I am a highly sensitive person. When I was seven I needed to be walked out of “Edward Scissorhands” twice because I felt bad for Edward when he popped the waterbed and just about any time he struggled with those scissors. At 23, I cried so hard while on a date to see “Cold Mountain” that the person sitting behind me leaned forward to pat me on the back. Now at 32, and a new mother as of October, I am in emotional overdrive. My heart explodes every day.
Regarding new mamahood, writer Katie Dohman said, her “innermost tectonic plates had shifted”. That is exactly how I feel. Those first-time-mom feelings of guilt, fatigue, fear, joy, helplessness and anxiety punctuate my thoughts all day and night. I check to see my infant daughter’s chest rise and fall at 3:00 am by the light of my cell phone. During the day I stare at her in awe and get virtually nothing else done. I cry when I think of how tiny she was for the shortest amount of time that I will never get back.
After a highly emotional week of trial and error tending to an infant, I am ready for one certainty: Shabbat. There is a comfort in the tradition of Shabbat. I have sweet memories of spending Friday evening at my bubby and zayde’s house in Golden Valley. My cousin and I would push the chairs together and pretend we were on a boat. We would eat farfalle soup and brisket. I would sleep on the way home and my mom would carry me to my room and pull off my socks while I pretended to stay sleeping. My husband and I have committed to keeping Shabbat each week. We wanted to start this tradition as soon as my daughter was born so that she could carry sweet memories with her, too.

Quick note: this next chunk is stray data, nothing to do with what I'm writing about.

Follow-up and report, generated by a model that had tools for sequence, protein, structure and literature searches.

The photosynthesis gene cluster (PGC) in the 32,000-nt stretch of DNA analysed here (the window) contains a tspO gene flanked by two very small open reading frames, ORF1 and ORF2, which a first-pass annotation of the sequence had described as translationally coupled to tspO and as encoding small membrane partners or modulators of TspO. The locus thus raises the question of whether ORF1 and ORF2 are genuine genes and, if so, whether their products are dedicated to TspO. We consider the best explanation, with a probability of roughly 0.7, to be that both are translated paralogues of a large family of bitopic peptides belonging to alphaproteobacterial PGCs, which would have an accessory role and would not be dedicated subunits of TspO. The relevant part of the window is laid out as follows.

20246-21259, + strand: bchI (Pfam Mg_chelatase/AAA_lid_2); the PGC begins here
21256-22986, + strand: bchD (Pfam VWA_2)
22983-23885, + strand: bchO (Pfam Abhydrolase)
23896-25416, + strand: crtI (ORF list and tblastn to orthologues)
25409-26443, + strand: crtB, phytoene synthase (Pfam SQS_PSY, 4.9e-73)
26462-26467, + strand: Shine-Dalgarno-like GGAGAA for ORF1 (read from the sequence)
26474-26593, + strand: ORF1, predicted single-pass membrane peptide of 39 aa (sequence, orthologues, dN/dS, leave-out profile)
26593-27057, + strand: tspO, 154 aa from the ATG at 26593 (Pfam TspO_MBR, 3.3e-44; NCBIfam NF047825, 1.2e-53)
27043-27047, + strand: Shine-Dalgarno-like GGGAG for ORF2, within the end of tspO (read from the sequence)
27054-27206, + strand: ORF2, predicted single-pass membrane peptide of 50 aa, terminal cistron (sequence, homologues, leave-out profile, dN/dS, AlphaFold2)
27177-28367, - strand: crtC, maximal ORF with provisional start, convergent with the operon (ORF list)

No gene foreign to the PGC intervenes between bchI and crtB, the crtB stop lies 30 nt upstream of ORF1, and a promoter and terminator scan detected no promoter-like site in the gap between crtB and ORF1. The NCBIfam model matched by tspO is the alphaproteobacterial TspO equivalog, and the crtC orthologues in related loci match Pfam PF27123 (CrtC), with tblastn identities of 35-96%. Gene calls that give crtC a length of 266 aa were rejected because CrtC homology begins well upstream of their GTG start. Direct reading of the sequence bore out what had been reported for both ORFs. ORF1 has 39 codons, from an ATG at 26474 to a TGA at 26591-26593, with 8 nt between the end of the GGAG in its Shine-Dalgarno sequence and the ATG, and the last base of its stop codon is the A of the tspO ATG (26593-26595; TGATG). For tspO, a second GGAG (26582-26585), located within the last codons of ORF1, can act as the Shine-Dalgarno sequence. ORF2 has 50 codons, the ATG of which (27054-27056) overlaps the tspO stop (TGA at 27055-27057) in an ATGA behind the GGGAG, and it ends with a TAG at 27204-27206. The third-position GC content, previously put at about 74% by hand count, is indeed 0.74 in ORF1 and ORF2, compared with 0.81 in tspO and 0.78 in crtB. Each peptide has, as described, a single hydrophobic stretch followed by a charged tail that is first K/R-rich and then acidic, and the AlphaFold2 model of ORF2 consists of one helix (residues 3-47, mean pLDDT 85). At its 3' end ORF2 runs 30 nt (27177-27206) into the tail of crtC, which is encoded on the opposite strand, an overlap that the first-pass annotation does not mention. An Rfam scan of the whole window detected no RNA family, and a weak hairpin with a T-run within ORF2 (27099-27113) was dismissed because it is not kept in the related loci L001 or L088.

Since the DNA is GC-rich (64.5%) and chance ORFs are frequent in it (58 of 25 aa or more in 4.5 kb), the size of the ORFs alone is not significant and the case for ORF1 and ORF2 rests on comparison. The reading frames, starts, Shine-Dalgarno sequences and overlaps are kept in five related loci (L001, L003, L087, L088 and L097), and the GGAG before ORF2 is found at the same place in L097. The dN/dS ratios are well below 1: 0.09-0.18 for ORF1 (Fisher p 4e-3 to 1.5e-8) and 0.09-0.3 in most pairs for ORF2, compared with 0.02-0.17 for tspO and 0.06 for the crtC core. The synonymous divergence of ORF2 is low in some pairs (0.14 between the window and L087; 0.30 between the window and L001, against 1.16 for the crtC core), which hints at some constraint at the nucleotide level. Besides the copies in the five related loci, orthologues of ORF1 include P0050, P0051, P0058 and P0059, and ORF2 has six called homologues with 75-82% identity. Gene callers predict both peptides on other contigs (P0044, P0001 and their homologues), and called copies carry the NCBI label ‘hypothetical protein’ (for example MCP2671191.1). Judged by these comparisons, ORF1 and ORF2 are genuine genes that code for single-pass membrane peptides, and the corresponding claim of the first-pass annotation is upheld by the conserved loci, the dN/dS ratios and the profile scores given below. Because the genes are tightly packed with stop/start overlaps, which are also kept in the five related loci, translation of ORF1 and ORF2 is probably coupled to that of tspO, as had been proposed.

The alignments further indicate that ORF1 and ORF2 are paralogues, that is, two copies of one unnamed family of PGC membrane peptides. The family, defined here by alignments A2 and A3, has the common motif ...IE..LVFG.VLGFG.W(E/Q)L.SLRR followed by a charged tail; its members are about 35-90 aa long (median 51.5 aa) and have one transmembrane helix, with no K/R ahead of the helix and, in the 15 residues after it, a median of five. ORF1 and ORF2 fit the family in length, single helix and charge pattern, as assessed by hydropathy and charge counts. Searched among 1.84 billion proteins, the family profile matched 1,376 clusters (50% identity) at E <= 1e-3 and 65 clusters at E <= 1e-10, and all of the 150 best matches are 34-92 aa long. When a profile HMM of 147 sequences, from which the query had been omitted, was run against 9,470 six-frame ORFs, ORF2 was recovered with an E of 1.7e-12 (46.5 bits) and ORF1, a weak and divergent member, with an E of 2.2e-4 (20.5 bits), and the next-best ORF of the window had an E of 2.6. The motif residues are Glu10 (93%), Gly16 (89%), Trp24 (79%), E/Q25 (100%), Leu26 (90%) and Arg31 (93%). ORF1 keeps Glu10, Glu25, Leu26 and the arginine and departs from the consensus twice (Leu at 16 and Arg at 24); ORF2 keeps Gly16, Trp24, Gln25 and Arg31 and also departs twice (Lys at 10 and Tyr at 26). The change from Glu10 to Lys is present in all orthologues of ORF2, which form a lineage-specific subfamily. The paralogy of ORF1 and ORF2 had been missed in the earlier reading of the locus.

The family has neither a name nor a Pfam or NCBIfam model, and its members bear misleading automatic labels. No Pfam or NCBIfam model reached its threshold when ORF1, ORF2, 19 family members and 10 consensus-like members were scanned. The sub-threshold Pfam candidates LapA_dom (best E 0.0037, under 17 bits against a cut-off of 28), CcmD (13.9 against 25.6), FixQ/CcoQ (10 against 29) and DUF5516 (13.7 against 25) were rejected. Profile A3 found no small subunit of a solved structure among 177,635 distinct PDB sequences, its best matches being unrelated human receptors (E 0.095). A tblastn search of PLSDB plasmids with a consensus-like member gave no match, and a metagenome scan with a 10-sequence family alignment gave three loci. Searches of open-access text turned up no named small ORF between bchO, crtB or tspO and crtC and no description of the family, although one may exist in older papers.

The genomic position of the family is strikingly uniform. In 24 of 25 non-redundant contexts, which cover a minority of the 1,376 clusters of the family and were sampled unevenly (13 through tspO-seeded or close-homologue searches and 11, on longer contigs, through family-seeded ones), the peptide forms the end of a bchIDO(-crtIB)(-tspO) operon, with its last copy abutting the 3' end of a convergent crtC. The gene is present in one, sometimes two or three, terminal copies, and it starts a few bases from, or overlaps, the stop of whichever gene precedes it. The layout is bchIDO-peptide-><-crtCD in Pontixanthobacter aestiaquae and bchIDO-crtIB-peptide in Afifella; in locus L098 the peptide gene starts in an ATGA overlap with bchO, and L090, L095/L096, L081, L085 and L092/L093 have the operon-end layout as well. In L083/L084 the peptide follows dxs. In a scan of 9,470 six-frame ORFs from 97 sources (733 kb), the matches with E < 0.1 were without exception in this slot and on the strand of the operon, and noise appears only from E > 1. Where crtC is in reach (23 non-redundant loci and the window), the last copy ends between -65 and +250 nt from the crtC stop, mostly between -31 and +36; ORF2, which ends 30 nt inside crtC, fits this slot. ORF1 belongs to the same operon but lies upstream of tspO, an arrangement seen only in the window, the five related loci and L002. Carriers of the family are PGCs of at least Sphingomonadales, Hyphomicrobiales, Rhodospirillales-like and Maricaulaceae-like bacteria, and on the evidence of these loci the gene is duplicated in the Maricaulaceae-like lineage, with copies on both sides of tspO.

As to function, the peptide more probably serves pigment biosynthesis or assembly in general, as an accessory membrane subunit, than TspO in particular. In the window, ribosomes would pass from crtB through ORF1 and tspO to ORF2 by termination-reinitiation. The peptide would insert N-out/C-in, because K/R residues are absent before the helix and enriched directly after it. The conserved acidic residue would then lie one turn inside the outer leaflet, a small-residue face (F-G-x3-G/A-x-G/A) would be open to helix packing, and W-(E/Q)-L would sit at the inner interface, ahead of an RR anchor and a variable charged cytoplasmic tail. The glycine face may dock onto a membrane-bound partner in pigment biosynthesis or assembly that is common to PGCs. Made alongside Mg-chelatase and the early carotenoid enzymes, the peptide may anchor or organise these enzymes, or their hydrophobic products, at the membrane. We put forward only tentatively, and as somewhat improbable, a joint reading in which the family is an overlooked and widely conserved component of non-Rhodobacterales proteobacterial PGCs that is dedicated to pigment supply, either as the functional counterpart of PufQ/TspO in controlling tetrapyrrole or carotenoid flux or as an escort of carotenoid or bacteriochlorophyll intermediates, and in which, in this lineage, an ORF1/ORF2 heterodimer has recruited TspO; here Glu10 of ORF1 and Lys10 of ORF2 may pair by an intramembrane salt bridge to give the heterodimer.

Before she was born, we had already begun trying to do Shabbat with my parents on a semi-regular basis to help break up the work week and decompress together. We often enjoy take-out with them. When we found out I was pregnant, we invited my parents over for Shabbat dinner to celebrate. I ordered custom fortune cookies to open after our meal that would surprise my parents with the big news.
Shabbat is an enjoyable and affordable way to practice Judaism for us. My parents join us each week. My older brother and his wife join us from time to time as well. My dad stops at Cecils and picks up a challah. We have a dozen half-loaves in our freezer. Each week I remind my dad not to get any because we have a freezer full. Each week we end up with one more half loaf in the freezer. We could have challah French toast for days.
My mother and I light the candles and my family sings the blessings over the challah and wine (which is actually never wine and always 7-Up). I attended the St. Paul Talmud Torah Jewish Day School, Hebrew School, and had a Bat Mitzvah, yet somehow we still manage to muck up the blessings each week.
We keep the lights low since dinnertime is also the witching hour and we want to keep our baby calm. We take turns holding her, or by the miracle of Shabbat, she naps. Our conversation is quiet, sometimes a whisper as we sit in the candlelight.
This is how it begins. This is how we keep a Jewish home. The tradition and mitzvah of keeping Shabbat is our time to be together, to bless our new baby, and to be thankful for another week of learning new things as we grow as a family. With every passing week I become a more confident mother. With every passing Shabbat, we build a stronger Jewish home for our daughter.